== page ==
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I wrote in this column on April 19 that although anything could happen, it appears all but certain that U.S. President Donald Trump “will dare choose to withdraw from the Paris climate agreement as long as he sticks to his populism.” Sure enough, he publicly announced on June 1 that the United States was abandoning the accord.

Between May and June, significant changes were triggered in U.S. public opinion about Trump by suspicions surrounding “Russiagate.” On May 9, Trump suddenly fired James Comey, director of the Federal Bureau of Investigation, who had been probing allegations that the Russian government resorted to acts that would favor the Trump campaign in the 2016 U.S. presidential race. Based on notes he took during his one-on-one meeting with the president, Comey testified before Congress that Trump persistently urged him to stop looking into allegations surrounding former National Security Adviser Michael Flynn and to clarify whether the president himself was a subject of investigation.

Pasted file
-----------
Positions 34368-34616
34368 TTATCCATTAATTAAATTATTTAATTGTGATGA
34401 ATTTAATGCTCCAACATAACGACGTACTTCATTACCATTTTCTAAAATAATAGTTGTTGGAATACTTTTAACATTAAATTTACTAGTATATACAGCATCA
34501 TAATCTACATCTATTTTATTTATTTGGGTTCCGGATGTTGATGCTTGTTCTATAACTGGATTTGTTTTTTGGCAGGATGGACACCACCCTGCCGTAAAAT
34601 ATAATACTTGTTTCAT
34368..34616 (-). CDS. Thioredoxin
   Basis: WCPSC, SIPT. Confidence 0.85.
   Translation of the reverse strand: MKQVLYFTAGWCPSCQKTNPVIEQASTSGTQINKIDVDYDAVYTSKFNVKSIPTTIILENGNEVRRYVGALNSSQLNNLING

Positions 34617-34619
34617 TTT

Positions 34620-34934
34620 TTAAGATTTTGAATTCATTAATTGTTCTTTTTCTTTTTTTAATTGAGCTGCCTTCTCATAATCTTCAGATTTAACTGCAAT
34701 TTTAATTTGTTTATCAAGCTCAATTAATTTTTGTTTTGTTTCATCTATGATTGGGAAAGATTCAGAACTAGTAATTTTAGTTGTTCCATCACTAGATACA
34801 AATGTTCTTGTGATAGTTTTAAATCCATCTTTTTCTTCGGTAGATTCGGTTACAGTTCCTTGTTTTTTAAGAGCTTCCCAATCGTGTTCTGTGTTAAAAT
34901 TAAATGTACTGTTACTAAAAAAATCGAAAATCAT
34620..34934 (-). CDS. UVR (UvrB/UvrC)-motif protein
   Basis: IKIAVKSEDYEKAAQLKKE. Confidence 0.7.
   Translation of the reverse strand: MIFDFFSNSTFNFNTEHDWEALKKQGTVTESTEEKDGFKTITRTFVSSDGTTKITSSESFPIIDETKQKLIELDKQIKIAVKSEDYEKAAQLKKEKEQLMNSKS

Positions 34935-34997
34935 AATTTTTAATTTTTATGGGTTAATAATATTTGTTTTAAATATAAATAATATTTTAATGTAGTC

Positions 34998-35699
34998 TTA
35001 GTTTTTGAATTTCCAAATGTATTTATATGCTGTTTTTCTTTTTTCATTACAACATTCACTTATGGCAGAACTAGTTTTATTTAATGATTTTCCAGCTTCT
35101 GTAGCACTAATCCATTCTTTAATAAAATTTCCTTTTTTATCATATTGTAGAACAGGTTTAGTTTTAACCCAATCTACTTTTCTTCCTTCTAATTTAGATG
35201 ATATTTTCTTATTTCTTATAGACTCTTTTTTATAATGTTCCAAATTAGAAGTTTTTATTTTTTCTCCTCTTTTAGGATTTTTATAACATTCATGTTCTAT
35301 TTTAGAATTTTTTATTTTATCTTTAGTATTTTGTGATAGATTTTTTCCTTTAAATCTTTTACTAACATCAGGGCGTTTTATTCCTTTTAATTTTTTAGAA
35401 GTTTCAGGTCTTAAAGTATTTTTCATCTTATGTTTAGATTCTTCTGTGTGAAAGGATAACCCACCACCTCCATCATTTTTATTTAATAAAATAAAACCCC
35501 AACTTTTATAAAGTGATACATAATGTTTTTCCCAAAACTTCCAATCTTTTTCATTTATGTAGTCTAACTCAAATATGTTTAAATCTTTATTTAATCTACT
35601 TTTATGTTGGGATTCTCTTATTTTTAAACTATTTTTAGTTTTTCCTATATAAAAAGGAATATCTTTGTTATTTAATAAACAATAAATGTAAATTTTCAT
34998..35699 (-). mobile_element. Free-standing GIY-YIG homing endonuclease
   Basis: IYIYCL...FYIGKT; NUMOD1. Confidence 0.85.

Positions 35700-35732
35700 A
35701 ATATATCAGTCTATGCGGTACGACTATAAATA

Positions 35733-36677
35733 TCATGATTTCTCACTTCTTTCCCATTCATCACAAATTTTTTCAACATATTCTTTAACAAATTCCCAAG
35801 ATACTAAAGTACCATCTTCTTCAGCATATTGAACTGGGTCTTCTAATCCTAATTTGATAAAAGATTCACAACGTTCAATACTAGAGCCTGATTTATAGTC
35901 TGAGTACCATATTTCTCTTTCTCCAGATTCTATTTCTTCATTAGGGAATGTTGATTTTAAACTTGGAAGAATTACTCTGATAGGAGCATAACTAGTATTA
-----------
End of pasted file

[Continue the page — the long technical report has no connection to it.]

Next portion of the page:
In the United States, obstruction of justice on the part of the president is a grave matter. On May 17, the Justice Department launched investigations into Russiagate, including the possibility of obstruction of justice by the president, as Deputy Attorney General Rod Rosenstein appointed Robert Mueller, a former FBI director, as special counsel. If confirmed, it could potentially result in Trump’s impeachment.

Trump was thus pushed into a tight corner, and his rate of approval plummeted rapidly. In my view, it was with the aim of halting any further decline of his popular support that he announced the U.S. withdrawal from the Paris agreement.

Many Americans are suspicious of the generally accepted theory that a rise in atmospheric concentration of carbon dioxide is bringing about climate change — and most skeptics are Republicans. Indeed, this group includes Trump, Secretary of Energy Rick Perry and Scott Pruitt, administrator of the Environmental Protection Agency.